Behavioral interview questions

Interviewers will ask you about various work-related situations, such as a situation when you felt pressure in work, a conflict you had with one of your colleagues, a goal you achieved,or failed to achieve, etc.

The logic of the behavioral interview is that if you approached a certain situation in a certain way in the past, you will likely act in a similar manner in the future.

And because science has proved several times that we follow certain way of acting, and formulas of thinking throughout our entire adult life (most of these formulas we develop in our childhood), behavioral interviewing certainly makes sense.

Of course, people can change, and they do change, but more often than not the way you acted in the past tells a lot about the way you will act in the future….

Summarized and underlined, behavioral questions belong to the most popular questions the interviewers use. Unless you apply for a very simple job (think waiter, lifeguard, stocker), you will have to deal with them in your interview, even if you apply for your first job, and have no previous working experience.


Most common questions

  • Describe a situation when you were under pressure in work.
  • Describe a situation when you went above and beyond with your service (for the customer, for the colleague)
  • Describe a situation when you reached a goal and tell us how you achieved it.
  • Describe a situation when you had to motivate someone in work.
  • Describe a time when you had to deal with an angry or upset client.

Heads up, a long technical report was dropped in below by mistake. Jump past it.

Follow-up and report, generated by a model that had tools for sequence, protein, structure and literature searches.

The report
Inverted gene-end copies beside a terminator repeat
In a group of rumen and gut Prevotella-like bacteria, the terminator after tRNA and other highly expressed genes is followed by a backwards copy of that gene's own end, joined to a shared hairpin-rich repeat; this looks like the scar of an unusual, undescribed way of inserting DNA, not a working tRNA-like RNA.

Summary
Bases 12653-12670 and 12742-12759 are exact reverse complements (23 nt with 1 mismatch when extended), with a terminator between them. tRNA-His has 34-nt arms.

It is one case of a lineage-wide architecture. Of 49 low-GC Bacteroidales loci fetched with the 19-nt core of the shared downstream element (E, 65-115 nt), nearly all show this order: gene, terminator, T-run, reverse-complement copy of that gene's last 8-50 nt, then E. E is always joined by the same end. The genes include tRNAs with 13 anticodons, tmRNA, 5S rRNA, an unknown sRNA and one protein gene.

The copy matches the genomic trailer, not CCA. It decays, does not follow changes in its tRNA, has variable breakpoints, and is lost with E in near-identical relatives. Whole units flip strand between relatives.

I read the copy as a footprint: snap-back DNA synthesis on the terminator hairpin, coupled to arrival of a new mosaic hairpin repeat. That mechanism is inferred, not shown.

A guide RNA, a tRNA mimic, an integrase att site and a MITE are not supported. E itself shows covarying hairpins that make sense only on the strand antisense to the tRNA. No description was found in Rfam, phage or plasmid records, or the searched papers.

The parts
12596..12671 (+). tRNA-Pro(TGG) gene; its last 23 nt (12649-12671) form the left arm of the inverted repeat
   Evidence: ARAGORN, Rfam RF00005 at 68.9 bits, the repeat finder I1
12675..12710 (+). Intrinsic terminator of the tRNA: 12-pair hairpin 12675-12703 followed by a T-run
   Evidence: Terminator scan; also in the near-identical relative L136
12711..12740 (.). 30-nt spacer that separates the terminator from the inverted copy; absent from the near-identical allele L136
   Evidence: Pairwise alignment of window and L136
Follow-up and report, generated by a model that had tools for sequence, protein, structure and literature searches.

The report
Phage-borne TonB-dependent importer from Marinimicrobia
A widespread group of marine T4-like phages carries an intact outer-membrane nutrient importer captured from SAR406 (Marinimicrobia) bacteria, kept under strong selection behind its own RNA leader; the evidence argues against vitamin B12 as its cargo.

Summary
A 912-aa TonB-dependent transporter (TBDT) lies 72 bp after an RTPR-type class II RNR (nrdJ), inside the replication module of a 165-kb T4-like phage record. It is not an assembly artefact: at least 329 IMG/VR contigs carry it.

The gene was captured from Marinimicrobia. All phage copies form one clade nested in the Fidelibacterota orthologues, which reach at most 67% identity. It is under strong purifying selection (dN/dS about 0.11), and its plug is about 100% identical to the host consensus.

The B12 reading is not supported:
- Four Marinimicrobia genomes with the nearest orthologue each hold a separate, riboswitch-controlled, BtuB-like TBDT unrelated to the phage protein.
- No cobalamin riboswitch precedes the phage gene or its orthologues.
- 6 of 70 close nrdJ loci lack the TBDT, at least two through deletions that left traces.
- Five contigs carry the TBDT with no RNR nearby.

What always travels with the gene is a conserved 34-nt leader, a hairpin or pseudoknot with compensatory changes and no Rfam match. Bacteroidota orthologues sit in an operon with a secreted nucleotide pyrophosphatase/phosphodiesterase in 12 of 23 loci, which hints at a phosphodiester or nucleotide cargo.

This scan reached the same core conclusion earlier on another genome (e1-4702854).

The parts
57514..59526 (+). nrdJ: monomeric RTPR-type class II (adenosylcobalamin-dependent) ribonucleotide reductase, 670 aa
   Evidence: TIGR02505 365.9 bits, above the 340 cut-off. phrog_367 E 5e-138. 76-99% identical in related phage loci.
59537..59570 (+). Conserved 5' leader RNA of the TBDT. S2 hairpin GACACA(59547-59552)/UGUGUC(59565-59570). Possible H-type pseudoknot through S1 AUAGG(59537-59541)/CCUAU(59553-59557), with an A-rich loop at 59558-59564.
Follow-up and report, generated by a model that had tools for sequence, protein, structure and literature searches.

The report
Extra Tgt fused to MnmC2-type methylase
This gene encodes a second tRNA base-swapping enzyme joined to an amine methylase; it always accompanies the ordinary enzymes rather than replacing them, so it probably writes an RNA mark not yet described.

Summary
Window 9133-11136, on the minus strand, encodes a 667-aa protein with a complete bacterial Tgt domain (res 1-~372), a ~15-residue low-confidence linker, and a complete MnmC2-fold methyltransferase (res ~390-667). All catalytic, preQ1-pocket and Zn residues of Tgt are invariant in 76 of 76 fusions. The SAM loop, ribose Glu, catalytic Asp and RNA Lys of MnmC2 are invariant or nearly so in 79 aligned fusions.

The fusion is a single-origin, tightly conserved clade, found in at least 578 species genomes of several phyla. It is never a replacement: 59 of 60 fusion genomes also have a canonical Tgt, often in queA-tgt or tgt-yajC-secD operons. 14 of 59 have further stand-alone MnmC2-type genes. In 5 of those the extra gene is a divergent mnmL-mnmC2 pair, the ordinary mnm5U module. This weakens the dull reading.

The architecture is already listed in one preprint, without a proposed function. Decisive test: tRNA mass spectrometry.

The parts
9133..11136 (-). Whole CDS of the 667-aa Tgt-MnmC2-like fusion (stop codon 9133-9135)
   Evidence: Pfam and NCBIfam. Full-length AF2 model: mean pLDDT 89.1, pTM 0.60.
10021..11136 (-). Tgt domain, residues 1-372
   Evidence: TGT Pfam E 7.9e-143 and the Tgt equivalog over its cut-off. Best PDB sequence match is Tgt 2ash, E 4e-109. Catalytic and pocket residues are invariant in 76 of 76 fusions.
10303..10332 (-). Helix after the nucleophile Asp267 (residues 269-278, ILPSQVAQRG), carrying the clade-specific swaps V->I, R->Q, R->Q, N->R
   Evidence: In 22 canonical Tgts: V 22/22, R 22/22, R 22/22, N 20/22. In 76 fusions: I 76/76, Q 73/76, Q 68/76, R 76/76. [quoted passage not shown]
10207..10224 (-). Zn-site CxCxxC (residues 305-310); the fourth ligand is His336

• Describe a situation when you did not agree with the opinion (or decision) of your superior or supervisor, and knew that they were wrong. How did you handle that?
  • Describe a time when you struggled with motivation in job. How did you overcome the crisis?
  • Describe a time when you were tempted to start a relationship with your colleague (or a client, or a customer).
  • Describe a time when you struggled to communicate something to your boss, colleague, or to a customer. How did you manage to get your message over?
  • Describe a difficult decision you had to make in your professional career. How did making this decision affect you?
  • Describe the biggest failure of your professional career.
  • Describe a time when you struggled to build a relationship with someone important. How did you eventually overcome that?


A rule of thumb is that you should always try to narrate a situation that had a positive outcome (when you handled the stress, solved the conflict, achieved the goal, etc). Another important thing is to not show any negativity when you speak about your former colleagues and bosses. And when you talk about a negative experience (failing to achieve a goal, struggling in work, etc), you should always try to point out the lesson you learned in the situation, and how it helped you to become a better worker (manager, designer, nurse, doctor, programmer, etc).

If you would like to see sample answers to the common behavioral interview questions (including great answers for people who apply for their first job), check our Interview Success Package.